Tag Archives: autism basics

A Quick Intro to Autism

I tried to think of something nice to say about Autism as I created this blog… dedicated to Autism. I couldn’t.

But then I thought, why should I? I can’t think of anything relatively good or relatively bad about Autism. Matter of fact, fuck pros and cons. Autism Spectrum Disorder (ASD) is NOT a disability. ASD is simply a difference, a subspecies of neurotypicals (NTs, people without Autism).

ASD is a different way of thinking, a different way of acting, and a different way of life. One common symptom of ASD is extreme interests, or obsessions in things or hobbies.

Personally, I am happy with my Harry Potter obsession. I am overjoyed with my obsession with Slim Shady. My obsession with Autism, however, I just find ironic. I think it’s like a person being overly fond of his middle toe’s cuticle. Talking about it. Tatting it. Marrying it. Whatever. Ironic? No, bad example. Weird.

Anyway- ASD is generally defined by the holy trinity: social difficulties, repetitive behaviors, and obsessions.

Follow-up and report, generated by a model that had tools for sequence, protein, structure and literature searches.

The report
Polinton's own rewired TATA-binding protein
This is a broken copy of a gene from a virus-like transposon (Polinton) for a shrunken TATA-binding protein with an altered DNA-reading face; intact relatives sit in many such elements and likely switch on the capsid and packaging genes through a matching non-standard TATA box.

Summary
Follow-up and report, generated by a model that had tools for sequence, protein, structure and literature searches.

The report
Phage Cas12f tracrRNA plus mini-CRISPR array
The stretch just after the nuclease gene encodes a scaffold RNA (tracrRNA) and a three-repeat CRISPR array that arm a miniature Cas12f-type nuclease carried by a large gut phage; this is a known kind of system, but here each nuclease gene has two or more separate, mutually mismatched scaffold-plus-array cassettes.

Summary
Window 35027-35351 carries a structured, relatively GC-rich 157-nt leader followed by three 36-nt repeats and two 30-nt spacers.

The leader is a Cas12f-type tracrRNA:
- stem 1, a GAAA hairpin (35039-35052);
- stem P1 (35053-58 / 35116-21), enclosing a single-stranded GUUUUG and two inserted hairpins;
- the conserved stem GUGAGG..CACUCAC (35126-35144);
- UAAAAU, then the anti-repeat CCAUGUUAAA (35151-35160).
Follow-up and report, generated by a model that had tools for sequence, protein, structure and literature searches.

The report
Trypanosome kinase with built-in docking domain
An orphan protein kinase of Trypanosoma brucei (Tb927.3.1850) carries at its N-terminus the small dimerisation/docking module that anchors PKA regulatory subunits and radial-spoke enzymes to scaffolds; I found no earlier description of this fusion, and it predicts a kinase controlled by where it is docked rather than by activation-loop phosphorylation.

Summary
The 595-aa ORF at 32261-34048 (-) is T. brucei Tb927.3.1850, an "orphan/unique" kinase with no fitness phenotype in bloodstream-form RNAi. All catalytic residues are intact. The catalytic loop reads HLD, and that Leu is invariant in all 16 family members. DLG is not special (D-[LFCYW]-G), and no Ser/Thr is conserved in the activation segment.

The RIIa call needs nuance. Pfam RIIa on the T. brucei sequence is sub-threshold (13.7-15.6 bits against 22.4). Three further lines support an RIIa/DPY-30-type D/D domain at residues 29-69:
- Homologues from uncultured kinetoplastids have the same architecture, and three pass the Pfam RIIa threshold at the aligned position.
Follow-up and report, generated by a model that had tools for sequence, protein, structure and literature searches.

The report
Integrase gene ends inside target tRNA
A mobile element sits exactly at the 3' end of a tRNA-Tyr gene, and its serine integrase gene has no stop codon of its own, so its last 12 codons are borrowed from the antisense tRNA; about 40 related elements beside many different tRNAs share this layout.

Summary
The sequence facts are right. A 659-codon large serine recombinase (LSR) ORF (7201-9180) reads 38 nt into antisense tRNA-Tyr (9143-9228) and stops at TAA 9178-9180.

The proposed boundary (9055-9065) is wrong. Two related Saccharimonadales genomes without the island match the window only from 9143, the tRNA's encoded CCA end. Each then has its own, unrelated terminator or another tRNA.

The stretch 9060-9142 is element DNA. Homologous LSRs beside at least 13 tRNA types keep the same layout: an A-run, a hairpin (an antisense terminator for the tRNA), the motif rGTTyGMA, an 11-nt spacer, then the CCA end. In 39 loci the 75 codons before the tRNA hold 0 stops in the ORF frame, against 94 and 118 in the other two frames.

Social difficulties in ASD are often attributed to difficulty in understanding body language and intent, which is apparently nine tenths of the law when communicating with someone. As far as I’m concerned, when a person is talking, that person should say what they mean. No hints, “small” lies, or any of that other bullshit.

Repetitive behaviors in ASD includes everything from hand gestures to scheduling. For instance, a wrinkle in my schedule is a domino effect. Soon, I’ll find myself quite unreasonably upset, shit all out of whack, like an apocalypse in my brain.

Obsessions in ASD usually means a limited interest. People with an ASD generally have a small range of interests. With the interests we do have, we take them very seriously. I, for example, am highly offended over any negative comment toward Slim Shady. I can’t usually tell if people are joking or using sarcasm, but that is hardly the point. Don’t fuck with Slim.

The holy trinity of ASD isn’t the entirety of ASD. There are several other symptoms to the disorder, and no one person with an ASD will ever have all the symptoms. People with an ASD tend to differ greatly. This, I find interesting. How can two people with the same disorder be so different? Well, I found, “spectrum” is the key culprit in this scenario. When placed on a spectrum, any spectrum, such as a ruler, one point could be pinned at 4.2677 inches. Another point could be pinned at exactly 11 inches. They are two completely different measurements, even being on the same unit. While one person with an ASD cannot function without assistance, another can be considerably independent, struggling mostly with, maybe, social complications.

On a more exciting note, I made a fart joke a few days ago. I could not stop laughing. Holy shart, it was hysterical.

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